Lindsey Rints only knew Dallas Tomniuk for six years, but they were six of the most wonderful years of her life.
“Dallas had such passion for life,” said Rints, Tomniuk’s widow. “Everything he did, he did 100 per cent. He’s an awesome guy and he’s really missed.”
Tomniuk, who worked as the assistant technical director at the University of Victoria’s Farquhar Auditorium for 13 years, is being remembered as a kind soul with an adventurous side following a fatal motorcycle accident in Tofino on May 22.
Rints recalled hitting it off with Tomniuk in 2010, after they were introduced to each other through friends. Shortly after, she became pregnant with their eldest son Ryder, now five, and later his brother Theo, 17 months.
In the last six years, Rints got to know Tomniuk as a lifelong Supermoto enthusiast and all-around outdoorsy guy who ran the audio for more than 1,500 events at the auditorium, ranging from concerts to graduations to dance recitals.
“I just thought he was the coolest ever because he rode bikes, he worked here, he got me tickets for shows,” said Rints. “He was a good guy.”
Cameron Northover, who worked alongside Tomniuk for six years at Farquhar, said they were a tightknit crew behind the soundboard. Tomniuk himself had been on hand for a total of 133 UVic convocation ceremonies and 14 high school graduations a year in his time with Farquhar, as well as countless music concerts, Chinese New Year celebrations, Diwali festivals and dance performances.
Outside of work, Northover said the two of them shared the same passion for the outdoors and grew as friends from the outset.
“In the past six years, he became a really close friend to me,” he said. “He was a really genuinely nice guy. He taught me a lot of stuff about sound and the auditorium.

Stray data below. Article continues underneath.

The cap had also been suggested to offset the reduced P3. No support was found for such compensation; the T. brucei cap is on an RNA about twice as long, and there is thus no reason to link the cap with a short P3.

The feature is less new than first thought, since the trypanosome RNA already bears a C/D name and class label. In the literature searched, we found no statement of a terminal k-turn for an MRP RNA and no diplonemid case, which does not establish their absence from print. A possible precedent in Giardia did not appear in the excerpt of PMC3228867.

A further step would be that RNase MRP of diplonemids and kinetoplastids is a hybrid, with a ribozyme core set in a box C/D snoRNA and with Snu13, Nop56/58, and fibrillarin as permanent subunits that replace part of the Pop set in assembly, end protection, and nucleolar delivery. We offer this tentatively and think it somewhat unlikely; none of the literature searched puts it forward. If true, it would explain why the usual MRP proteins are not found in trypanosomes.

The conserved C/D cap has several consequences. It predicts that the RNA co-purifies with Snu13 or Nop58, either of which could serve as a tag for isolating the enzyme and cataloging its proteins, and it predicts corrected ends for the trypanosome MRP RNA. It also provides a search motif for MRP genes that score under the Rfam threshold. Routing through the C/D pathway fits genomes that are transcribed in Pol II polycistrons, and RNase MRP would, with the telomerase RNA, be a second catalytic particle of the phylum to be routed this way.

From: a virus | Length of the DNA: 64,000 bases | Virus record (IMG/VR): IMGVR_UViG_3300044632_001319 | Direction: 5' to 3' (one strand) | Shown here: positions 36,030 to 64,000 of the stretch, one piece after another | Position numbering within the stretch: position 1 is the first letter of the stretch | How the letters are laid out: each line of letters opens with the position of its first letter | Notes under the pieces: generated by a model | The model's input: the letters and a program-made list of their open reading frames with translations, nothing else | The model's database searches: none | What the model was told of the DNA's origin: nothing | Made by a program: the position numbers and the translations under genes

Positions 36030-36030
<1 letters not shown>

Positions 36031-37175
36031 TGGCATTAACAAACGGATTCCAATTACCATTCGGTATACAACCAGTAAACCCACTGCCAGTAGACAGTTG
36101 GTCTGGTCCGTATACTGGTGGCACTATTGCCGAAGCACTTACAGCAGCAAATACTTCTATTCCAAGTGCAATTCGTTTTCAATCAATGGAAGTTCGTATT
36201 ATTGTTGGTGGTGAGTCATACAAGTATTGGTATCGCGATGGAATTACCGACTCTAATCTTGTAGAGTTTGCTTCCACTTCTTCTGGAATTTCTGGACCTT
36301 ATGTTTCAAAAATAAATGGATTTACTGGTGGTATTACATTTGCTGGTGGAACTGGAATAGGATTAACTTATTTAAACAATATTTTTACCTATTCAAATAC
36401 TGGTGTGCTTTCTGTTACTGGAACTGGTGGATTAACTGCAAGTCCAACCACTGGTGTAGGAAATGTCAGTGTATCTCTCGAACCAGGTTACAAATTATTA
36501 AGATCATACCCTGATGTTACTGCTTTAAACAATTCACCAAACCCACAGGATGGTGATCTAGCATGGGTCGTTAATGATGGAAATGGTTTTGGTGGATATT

“I ended up buying a motorcycle a couple months after I started working there. He loved motorcycling, dirt biking, ATVing. He had a gun collection and loved to take us shooting and go do that sort of stuff.”
Northover said Tomniuk’s sudden death was a shock to everyone who knew him, whether personally or in passing. About 250 people turned out for his memorial, including loved ones from North Vancouver, the Okanagan and Alberta who made the trek to Vancouver Island.
“It’s amazing to see the impact it’s made on so many people from different groups – the university, the Supermoto group, Pacific Audio Works – and how everyone came together to celebrate him,” said Rints of Tomniuk’s memorial. “It was overwhelming.
“We did an honorary ride into Cowichan Bay and back to the hall in Cobble Hill. It was a good day.”
Following the accident, Northover started a GoFundMe page to support Rints and her two sons. In less than two weeks, the campaign reached $15,000 of its $50,000 goal, serving as a testament to how much Tomniuk meant to so many people.
“It’s unreal,” said Rints. “I don’t know how I’d be doing this without the support. I think the two little guys are definitely giving me some strength.
“Dallas was pretty well loved. Hopefully he knows how many people he really did touch.”
To donate to the GoFundMe campaign, visit gofundme.com/265ekecc.